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Norick R. Bowers, Alexandra E. Boehm, Austin Roorda; The effects of fixational tremor on the retinal image. Journal of Vision 2019;19(11):8. doi: 10.1167/19.11.8.
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© ARVO (1962-2015); The Authors (2016-present)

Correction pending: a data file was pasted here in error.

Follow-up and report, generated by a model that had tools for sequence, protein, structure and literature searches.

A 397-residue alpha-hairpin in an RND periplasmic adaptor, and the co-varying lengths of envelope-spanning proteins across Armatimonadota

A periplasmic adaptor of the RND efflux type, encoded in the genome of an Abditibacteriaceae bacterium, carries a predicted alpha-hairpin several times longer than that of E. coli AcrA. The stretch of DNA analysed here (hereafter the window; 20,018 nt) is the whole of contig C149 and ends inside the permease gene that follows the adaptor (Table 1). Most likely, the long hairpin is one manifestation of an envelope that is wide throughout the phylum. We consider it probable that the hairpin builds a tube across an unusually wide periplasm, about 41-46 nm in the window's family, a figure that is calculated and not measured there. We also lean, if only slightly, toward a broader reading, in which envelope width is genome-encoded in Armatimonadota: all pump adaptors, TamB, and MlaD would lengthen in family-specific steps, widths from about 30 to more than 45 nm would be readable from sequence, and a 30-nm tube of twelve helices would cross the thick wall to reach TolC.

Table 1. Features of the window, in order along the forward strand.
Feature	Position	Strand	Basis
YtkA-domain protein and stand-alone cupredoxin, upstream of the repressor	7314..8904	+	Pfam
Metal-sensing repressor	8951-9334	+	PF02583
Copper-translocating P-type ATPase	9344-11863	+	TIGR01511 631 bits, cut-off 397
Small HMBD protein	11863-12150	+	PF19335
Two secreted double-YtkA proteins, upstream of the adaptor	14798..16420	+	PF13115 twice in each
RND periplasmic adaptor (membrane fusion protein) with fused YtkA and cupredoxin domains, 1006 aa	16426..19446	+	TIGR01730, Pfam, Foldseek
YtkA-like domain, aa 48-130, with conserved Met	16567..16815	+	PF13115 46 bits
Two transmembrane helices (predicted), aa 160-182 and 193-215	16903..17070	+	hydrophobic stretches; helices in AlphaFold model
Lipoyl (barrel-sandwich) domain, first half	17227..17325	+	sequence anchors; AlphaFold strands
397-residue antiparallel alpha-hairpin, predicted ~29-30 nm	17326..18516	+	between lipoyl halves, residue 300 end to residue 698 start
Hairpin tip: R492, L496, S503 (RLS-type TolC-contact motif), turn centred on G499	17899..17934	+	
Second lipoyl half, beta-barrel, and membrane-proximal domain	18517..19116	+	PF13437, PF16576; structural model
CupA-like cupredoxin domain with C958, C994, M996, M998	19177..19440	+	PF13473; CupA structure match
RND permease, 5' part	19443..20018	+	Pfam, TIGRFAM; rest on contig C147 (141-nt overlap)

The study of fixational eye motion has implications for the neural and computational underpinnings of vision. One component of fixational eye motion is tremor, a high-frequency oscillatory jitter reported to be anywhere from ∼11–60 arcseconds in amplitude. In order to isolate the effects of tremor on the retinal image directly and in the absence of optical blur, high-frequency, high-resolution eye traces were collected in six subjects from videos recorded with an adaptive optics scanning laser ophthalmoscope. Videos were acquired while subjects engaged in an active fixation task where they fixated on a tumbling E stimulus and reported changes in its orientation. Spectral analysis was conducted on periods of ocular drift, with all drifts being concatenated together after removal of saccades from the trace. The resultant amplitude spectra showed a slight deviation from the traditional 1/f nature of optical drift in the frequency range of 50–100 Hz, which is indicative of tremor. However, this deviation rarely exceeded 1 arcsecond and the consequent standard deviation of retinal image motion over the tremor band (50–100 Hz) was just over 5 arcseconds. Given such a small amplitude, it is unlikely tremor will contribute in any meaningful way to the visual percept.
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